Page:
503-227-5906, 208 SW Ankeny St, Portland
The sidewalk between 2nd & 3rd on Ankeny Street was stacked with boxes of live crabs. It was 1907 and Louis C. Wachsmuth was carting them inside to the big, briny crab pot. Dealing in seafood was nothing new for Louis. He grew up working with his father and brothers on the family oyster farm in Oysterville, Washington. Louis’ father Meinert Wachsmuth was born on the Isle of Sylt, off the coast of Denmark in 1842. At the age of fourteen he stowed away on an ocean going vessel and wound up shipping before the mast for nearly ten years. He sailed aroung the Horn seven times before settling down to work the trade route between San Francisco and the oyster rich bays of Oregon and Washington. He decided to end his maritime career when he was shipwrecked at Yaquina Bay, Oregon, aboard the schooner Annie Doyle in 1865. In 1869 Meinert married Elizabeth Sullivan and moved to Oysterville. He and his bride were blessed with three sons before they returned to San Francisco where Louis was born in 1877. While in California, Meinert worked for the Moraghan Oyster Company but moved back to Oysterville in 1881 to set up his own business. Louis learned to shuck oysters the next at the age of five and developed a lifelong curiosity about the succulent bivalves while growing up along the shores of Shoalwater Bay.
Meinert retired and sold his entire oyster holdings in 1903. Louis followed his older brothers Harry and Theodore to Portland, Oregon. He worked as a delivery man, cook, & oyster shucker, before opening a wholesale and retail seafood store serving oyster cocktails. In 1919 with advent of prohibition Louis acquired the food bar from the famous Merchant’s Exchange Saloon formerly located on 1st & Aiken and decided that a piping hot oyster stew wold be a tasty addition to his tiny menu. Soon the old bar couldn’t accommodate the growing number of hungry customers and Louis built several small dining rooms adjacent to the bar. Seating for larger parties was provided when the “Main” dining room with its distinctive sailing ship interior was built in 1937. The opening of the “Reserve” dining room with the ship shaped kitchen “Star of Oregon” followed in 1940.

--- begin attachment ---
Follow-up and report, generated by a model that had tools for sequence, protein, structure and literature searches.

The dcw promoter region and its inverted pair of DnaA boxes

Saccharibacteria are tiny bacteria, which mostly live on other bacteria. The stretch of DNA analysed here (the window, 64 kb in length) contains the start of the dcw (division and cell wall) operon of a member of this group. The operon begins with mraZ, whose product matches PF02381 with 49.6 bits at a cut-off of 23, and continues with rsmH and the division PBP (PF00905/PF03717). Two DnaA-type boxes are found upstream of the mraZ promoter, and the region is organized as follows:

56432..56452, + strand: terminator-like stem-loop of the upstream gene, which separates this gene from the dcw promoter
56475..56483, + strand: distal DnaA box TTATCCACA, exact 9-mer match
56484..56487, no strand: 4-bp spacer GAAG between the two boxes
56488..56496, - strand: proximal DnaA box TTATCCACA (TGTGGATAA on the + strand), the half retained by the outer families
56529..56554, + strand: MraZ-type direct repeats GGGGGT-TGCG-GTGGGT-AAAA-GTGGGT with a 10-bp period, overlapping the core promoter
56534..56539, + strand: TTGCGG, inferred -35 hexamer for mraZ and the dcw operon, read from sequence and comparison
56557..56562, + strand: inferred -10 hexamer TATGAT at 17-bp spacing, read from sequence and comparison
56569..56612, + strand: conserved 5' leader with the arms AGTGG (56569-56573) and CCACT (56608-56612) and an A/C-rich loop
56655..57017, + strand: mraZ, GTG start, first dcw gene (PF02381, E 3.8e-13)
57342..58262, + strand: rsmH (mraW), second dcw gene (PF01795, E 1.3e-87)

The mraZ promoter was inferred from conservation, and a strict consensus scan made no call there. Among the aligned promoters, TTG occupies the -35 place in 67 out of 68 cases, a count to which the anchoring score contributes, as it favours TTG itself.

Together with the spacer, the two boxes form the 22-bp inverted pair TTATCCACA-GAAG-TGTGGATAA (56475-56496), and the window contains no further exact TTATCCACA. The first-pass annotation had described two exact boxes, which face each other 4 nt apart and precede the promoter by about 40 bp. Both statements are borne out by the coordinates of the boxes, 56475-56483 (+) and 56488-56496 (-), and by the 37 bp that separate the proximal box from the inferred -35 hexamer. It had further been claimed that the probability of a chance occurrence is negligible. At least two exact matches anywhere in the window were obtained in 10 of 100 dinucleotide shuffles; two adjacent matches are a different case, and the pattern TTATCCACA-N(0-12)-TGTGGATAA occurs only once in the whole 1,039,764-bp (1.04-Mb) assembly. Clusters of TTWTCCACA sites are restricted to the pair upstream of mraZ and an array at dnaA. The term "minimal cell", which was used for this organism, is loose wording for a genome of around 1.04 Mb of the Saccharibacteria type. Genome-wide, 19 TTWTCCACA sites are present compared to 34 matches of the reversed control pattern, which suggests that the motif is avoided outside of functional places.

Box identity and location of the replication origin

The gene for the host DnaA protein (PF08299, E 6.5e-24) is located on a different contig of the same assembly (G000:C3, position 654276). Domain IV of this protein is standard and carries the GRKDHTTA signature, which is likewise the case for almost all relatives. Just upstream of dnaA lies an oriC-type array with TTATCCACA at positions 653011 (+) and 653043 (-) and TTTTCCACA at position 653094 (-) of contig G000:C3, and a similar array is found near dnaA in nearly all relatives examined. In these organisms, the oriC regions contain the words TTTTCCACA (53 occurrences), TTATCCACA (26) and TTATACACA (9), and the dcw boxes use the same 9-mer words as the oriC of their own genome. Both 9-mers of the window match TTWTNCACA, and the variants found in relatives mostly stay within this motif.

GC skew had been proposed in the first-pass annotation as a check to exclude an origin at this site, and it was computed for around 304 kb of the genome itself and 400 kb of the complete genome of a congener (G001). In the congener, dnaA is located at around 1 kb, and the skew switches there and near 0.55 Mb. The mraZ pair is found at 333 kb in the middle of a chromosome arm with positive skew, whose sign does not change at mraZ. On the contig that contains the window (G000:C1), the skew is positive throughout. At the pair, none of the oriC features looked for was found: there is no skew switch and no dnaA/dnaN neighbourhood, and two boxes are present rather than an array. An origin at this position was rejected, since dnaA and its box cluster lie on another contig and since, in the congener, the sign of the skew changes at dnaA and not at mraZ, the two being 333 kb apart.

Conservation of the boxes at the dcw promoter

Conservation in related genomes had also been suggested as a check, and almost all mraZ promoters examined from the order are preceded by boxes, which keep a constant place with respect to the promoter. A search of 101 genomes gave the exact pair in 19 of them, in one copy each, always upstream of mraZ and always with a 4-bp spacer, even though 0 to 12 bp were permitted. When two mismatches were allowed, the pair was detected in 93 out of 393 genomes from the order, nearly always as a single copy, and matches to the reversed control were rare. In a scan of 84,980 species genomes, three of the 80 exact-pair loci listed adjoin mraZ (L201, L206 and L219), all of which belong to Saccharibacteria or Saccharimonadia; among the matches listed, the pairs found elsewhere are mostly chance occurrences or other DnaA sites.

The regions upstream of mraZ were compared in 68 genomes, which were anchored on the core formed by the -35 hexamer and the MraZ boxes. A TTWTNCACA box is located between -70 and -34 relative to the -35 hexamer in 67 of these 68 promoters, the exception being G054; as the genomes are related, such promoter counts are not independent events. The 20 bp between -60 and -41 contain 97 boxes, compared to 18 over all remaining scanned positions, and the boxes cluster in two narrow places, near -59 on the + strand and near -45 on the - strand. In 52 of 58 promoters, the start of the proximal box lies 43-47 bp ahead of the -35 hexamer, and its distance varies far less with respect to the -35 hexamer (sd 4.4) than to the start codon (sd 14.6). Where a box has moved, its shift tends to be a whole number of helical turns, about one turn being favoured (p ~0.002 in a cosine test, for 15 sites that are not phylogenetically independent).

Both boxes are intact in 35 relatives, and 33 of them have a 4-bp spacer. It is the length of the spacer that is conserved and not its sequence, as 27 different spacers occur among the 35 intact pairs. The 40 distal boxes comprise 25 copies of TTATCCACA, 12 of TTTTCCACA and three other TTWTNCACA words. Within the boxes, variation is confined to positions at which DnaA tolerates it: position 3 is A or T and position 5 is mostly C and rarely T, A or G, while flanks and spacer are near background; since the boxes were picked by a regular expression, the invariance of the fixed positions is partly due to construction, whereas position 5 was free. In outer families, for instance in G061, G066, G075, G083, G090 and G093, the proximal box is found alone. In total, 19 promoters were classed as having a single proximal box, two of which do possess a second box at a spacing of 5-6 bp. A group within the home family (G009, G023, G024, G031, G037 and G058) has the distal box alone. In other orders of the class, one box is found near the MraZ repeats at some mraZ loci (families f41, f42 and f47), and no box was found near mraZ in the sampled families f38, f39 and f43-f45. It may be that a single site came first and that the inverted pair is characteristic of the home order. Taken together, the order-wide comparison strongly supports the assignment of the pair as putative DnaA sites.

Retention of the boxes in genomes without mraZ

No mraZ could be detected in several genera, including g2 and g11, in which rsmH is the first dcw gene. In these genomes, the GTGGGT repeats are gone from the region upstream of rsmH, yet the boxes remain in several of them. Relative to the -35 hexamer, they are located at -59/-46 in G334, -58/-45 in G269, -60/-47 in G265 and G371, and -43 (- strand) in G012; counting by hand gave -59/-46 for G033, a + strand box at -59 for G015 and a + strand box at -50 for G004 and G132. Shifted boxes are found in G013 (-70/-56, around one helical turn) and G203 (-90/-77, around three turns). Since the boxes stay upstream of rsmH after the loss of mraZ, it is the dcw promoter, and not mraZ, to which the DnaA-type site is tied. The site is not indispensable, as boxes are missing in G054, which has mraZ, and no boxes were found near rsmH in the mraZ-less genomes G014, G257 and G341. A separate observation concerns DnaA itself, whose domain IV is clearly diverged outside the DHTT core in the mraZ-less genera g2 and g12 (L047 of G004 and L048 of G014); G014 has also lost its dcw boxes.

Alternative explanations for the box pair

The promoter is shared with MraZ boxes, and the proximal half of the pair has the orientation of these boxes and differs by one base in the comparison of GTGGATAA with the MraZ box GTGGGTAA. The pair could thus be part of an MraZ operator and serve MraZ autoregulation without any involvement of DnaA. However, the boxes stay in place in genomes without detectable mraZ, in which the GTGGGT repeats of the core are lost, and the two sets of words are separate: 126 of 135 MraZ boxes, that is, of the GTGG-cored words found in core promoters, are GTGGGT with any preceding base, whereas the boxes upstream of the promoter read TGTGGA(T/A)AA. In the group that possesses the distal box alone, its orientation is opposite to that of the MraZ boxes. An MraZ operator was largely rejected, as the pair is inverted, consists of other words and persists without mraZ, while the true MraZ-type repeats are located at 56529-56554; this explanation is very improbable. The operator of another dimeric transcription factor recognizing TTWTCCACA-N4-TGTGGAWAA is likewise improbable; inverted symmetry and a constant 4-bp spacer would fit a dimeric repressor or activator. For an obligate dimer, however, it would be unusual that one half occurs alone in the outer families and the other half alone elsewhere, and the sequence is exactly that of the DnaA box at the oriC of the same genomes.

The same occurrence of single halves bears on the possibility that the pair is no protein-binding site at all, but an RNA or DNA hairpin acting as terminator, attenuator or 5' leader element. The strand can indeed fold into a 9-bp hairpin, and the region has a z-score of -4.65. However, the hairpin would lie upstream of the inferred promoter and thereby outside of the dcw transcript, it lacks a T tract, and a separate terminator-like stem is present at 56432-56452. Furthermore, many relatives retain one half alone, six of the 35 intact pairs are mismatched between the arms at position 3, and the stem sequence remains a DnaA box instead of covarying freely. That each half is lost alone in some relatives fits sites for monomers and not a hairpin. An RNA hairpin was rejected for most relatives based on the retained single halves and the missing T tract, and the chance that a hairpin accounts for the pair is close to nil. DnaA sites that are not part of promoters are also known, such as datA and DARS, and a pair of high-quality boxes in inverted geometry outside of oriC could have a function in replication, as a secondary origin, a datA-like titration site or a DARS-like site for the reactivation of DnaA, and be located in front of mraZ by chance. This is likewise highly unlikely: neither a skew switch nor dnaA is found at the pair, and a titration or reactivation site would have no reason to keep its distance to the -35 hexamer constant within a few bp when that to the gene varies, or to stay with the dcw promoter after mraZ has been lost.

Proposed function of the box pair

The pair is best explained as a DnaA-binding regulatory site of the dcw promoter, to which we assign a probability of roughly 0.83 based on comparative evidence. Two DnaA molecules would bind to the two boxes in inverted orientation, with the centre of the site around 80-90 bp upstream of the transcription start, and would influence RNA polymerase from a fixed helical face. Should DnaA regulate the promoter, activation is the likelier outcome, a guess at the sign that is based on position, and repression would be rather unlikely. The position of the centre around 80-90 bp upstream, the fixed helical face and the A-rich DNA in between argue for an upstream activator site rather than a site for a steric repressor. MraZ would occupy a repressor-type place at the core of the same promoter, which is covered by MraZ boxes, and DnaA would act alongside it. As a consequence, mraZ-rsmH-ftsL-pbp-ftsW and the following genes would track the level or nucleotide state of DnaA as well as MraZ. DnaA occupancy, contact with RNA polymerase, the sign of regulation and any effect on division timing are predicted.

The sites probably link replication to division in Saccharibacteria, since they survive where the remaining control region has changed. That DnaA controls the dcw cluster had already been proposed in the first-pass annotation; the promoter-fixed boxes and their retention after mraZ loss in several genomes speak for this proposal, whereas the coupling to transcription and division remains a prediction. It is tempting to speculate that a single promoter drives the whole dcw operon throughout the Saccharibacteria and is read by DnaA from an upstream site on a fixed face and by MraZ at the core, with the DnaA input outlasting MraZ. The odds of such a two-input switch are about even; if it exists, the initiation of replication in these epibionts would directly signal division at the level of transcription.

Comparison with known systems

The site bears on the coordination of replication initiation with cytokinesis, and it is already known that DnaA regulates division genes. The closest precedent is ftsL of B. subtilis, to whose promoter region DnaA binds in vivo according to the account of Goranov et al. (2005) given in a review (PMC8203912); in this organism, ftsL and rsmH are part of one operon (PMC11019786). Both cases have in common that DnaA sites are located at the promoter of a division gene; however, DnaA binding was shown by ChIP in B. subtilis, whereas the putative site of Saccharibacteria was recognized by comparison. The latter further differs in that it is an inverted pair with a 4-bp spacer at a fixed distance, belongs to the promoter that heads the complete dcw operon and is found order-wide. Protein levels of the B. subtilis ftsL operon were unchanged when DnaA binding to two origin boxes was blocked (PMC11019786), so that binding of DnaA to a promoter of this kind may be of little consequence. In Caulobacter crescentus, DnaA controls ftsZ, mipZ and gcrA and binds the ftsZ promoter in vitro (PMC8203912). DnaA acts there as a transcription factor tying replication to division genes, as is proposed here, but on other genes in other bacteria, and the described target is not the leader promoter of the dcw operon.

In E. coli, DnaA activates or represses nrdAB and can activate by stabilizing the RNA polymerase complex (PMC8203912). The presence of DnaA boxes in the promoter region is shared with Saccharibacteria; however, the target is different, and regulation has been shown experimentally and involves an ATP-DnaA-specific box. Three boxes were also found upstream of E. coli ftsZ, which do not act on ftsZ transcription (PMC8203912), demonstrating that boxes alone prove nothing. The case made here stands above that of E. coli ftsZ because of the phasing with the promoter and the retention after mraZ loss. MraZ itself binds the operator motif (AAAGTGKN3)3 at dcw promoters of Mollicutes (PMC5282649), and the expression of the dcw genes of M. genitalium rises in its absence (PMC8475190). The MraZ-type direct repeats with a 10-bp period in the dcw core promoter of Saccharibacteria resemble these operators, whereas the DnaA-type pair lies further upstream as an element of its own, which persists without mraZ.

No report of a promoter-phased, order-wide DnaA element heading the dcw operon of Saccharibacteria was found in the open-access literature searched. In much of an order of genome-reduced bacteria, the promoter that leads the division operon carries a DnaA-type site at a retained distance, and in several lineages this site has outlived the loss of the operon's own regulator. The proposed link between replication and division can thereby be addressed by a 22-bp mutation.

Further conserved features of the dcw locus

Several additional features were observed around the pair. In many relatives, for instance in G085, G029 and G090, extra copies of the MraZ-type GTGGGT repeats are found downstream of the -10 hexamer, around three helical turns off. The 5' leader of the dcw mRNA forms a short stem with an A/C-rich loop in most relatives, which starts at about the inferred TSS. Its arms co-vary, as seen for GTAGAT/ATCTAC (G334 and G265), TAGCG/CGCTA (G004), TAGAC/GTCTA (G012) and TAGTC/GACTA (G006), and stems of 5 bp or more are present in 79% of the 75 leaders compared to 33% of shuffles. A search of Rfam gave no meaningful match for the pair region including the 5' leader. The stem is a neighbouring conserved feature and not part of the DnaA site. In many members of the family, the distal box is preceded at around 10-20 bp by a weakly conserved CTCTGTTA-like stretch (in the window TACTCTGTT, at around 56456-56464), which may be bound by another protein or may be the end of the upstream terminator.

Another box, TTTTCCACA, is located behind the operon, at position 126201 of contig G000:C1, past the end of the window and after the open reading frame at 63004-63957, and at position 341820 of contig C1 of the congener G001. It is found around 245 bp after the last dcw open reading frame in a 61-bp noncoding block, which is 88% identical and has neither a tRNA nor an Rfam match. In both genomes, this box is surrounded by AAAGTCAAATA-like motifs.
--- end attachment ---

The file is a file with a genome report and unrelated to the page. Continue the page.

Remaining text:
Good oysters on the half shell. They were sold out of the oysters Rockefeller which was disappointing. The oyster stew and clam chowder both were outstanding. Had an amazing local Portland brew Alameda P-town Pilsner. Very, very tasty. It was cool eating outside on a beautiful early summer evening. Check it out would definitely come back.
I wish I could remember the name of the really nice, sweet woman who served me. The oysters and clam chowder were nice but after driving all day to get to Portland, she made my day.
So awesome across the board… architecture, food, bar… favorite place for raw oysters on the half shell in Portland…
Great location in downtown Portland.Great oysters.
I love the history of the place and the oysters are always wonderful.
If you are even within 100 miles of Dan and Louis, you must come! Ask for Holly and make sure to wear your UK gear. The absolute best customer service you may ever experience along with great food and the best sourdough bread around.